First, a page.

Articles

The 614th Commandment: The Moral Imperative for Political Action

It is through the sense of Jewish identity, forged by an observant lifestyle, that one is more likely to feel that distinct sense of peoplehood and that non-severable bond to the destiny of the Jewish people and to the state of Israel. It is only then that one can find the courage to speak the words that must be spoken, the truth about our people's proud history and Israel's proud struggle to survive.

The Fertility Dilemma

With the growing success and utilization of Assisted Reproductive Technologies, it is not at all surprising that halakhic discussions abound concerning their appropriateness, how and when they should be carried out and under what circumstances couples should avail themselves of ART.

Righteousness and Self-Righteousness: Reflections on the Nature of Genuine Piety

Religion produces the very best type of people: saintly, humble, compassionate, and genuinely pious. But we cannot help but notice that religion also produces—or at least harbors—the very worst type of people: terrorists, bigoted zealots, and self-righteous egotists. So religion has two faces: one that is righteous and compassionate; and one that is self-righteous and hate-filled.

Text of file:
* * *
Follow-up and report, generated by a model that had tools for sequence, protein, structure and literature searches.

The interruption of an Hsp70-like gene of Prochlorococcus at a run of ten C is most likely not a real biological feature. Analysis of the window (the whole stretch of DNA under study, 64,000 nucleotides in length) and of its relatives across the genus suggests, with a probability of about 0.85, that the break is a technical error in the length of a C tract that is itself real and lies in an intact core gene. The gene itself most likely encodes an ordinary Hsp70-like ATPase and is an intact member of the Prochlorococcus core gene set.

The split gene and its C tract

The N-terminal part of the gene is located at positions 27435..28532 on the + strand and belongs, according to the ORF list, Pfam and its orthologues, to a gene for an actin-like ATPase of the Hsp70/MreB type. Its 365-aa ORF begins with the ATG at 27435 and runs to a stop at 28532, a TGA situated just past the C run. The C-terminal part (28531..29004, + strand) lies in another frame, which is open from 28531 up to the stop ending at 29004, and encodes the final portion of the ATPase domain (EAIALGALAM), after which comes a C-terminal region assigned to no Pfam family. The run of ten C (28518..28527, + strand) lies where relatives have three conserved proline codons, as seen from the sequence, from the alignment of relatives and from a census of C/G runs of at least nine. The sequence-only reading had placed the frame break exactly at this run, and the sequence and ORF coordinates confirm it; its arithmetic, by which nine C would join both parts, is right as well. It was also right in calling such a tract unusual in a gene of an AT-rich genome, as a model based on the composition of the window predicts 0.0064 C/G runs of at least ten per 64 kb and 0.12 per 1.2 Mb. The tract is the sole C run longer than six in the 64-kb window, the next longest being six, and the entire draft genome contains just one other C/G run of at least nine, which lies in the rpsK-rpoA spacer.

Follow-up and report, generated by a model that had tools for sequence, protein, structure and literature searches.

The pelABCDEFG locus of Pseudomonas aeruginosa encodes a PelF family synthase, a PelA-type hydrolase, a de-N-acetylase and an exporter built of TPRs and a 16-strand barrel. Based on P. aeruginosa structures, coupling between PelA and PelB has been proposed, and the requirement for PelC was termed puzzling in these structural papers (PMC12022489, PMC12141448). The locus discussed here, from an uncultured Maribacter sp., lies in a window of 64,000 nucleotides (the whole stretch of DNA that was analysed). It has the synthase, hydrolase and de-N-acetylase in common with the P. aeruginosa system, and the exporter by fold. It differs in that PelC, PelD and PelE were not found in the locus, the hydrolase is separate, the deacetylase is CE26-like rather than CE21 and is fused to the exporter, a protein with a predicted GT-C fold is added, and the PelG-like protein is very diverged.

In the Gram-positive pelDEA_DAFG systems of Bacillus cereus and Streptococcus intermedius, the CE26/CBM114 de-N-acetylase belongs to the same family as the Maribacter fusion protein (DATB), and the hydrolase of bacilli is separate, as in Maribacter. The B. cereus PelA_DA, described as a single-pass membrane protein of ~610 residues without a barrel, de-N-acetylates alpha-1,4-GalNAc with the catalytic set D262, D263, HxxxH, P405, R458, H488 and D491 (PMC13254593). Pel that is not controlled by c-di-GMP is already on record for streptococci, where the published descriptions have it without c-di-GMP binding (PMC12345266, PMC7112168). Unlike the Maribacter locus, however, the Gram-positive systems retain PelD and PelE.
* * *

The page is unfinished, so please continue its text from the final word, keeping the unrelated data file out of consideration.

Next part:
Rav Kook and His View on the Modernization Of Judaism

Rabbi Abraham Yitzhak ha-Cohen Kook (1865–1935) is, without doubt, one of the most celebrated rabbis of the twentieth century. He is known to most people simply as Rav Kook, the founder of Religious Zionism, and we frequently overlook the fact that the foundations of his teachings reflect a deep modernization of the Jewish faith itself and of its approach to an array of contemporary problems.

What is the Mitzvah?

Judaism is much about do-ing. But it is about much more than do-ing. It is do-ing plus. It is do-ing with care, it is do-ing with kindness, it is do-ing in a transcending manner; in a word - do-ing with heart and soul.

    

   

Modern Orthodoxy and Halakha: An Inquiry

For Modern Orthodoxy to succeed in meeting its responsibility, it will be necessary for us to recognize that we are part of the contemporary world-time. We should have a blue ribbon panel composed of Modern Orthodox rabbinic scholars who will be willing to come up with specific halakhic rulings for our generation. If we have the confidence and good sense to lead, we may be surprised to find that many people are ready to follow.